Today on Current State: Governor Rick Snyder weighs in on the latest hot-button issues; Michigan's role in the War of 1812; comedian W. Kamau Bell; a Lansing choir returns from the Vatican's papal conclave; sports with Detroit Free Press' Joe Rexrode; Lansing business news with MLive's Angela Wittrock.
From the controversial decision over a Detroit emergency manager, to the politics of road funding, to a call by Democrats to make college tuition available to all state high school graduates, Governor Rick Snyder had a lot going late last week. Current State host Mark Bashore managed, however, to get the Governor for a few minutes by phone for a quick update on all these issues.
The country’s top comedians are appearing in Grand Rapids through Sunday at Gilda’s Laugh Fest. The event supports the work of Gilda’s Club Grand Rapids, inspired by the late Gilda Radner to help people who are dealing with cancer.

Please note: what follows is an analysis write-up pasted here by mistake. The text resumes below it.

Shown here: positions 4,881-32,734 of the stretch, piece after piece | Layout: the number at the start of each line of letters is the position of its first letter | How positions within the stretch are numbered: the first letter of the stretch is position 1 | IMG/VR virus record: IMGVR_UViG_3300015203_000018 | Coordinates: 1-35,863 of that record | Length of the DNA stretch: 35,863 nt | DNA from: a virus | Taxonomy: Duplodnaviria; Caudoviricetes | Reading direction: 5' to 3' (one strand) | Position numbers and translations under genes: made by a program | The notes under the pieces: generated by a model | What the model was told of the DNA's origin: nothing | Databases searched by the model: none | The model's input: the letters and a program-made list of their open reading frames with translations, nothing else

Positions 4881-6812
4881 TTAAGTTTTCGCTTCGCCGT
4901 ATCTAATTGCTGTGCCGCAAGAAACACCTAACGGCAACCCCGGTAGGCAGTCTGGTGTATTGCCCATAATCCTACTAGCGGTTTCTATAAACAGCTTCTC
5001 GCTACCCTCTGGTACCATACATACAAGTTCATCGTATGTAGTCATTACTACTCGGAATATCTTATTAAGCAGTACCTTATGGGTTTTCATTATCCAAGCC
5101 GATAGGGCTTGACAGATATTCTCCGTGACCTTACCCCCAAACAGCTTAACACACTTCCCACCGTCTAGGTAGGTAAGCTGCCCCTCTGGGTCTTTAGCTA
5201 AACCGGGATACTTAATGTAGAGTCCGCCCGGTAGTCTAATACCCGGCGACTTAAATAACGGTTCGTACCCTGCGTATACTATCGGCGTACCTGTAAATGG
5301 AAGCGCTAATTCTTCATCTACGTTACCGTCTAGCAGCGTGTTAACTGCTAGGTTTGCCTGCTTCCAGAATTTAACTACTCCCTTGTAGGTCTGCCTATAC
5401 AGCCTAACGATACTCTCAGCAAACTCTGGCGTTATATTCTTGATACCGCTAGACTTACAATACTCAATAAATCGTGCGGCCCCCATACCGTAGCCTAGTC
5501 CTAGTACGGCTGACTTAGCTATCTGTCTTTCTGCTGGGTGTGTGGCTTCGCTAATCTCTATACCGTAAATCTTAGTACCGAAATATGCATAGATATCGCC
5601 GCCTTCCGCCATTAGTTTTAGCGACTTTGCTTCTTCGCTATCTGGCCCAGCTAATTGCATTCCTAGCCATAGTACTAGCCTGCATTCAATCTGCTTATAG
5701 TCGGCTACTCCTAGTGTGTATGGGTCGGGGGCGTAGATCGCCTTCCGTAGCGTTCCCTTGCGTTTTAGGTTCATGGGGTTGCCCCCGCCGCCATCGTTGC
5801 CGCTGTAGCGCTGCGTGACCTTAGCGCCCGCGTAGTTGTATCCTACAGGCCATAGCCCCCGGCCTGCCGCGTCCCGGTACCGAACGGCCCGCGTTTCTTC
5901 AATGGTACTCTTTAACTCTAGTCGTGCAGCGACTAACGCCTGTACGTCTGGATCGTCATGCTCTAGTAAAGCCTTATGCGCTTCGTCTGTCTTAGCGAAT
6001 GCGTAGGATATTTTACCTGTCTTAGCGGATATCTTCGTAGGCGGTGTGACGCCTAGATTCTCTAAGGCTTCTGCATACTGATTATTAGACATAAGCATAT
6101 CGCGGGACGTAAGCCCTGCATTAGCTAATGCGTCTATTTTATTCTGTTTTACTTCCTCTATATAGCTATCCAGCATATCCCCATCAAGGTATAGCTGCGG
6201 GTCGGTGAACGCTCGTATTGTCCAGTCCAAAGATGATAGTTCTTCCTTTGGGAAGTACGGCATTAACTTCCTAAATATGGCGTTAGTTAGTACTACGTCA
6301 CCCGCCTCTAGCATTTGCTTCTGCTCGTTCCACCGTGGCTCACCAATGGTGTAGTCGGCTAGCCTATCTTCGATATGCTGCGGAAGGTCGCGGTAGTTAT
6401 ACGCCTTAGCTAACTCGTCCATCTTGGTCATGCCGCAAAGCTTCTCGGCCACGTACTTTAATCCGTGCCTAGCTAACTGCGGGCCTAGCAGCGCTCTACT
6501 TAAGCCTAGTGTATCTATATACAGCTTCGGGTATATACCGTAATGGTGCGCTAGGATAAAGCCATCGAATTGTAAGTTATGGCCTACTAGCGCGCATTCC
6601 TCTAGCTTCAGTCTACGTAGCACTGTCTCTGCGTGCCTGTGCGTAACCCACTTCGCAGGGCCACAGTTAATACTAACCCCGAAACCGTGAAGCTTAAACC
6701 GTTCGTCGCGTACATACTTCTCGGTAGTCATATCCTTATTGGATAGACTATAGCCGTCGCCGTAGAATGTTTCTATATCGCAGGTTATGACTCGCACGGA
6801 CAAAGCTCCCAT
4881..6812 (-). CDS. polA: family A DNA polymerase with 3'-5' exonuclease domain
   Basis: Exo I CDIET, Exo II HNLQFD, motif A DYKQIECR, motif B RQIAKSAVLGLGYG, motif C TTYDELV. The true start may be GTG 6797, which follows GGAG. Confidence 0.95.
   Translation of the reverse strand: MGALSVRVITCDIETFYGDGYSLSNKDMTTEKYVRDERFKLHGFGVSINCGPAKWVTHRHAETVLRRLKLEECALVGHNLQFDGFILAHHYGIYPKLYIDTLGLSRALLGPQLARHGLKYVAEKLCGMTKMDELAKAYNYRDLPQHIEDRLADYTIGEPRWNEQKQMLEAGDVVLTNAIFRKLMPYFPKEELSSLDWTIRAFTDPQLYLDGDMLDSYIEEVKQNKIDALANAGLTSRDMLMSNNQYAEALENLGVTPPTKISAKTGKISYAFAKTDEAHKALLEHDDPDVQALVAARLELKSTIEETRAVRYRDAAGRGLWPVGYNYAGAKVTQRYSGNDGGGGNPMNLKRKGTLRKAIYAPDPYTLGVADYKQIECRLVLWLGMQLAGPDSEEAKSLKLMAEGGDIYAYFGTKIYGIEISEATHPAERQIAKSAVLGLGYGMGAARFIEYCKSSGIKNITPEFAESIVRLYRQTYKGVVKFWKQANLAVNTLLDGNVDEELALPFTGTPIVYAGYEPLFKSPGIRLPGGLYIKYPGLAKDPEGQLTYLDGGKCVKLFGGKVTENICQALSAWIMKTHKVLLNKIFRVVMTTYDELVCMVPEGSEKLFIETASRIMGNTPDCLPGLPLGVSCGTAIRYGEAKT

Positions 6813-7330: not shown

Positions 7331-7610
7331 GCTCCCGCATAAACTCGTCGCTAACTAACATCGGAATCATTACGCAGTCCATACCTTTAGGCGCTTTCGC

Tonight, the festival features W. Kamau Bell, the host of “Totally Biased,” which appears Thursday nights on FX. Bell discusses racism in America and what it’s like to have a television show.
Twenty-five members of the St. Mary’s Cathedral Choir of Lansing and several members of St. Mary’s and St. Stan’s in Jackson performed recently in Italy, including at a Vatican mass as the papal conclave was assembling.
Monsignour Steven Raica, Chancellor of the Diocese of Lansing, and choir member Gratz discuss the once-in-a-lifetime experience.
Detroit Free Press sportswriter Joe Rexrode joins us every Monday and Friday to discuss what's happening in the sports world -- from Michigan State to local prep athletics to the pro leagues. Today he discusses the upcoming Big Ten men's basketball tournament.
MLive's Lansing beat reporter Angela Wittrock joins us every Monday for a rundown of the latest news about the local economy, business and development. This week, she and Mark delve into Governor Snyder's plans for an economic summit next week in Detroit.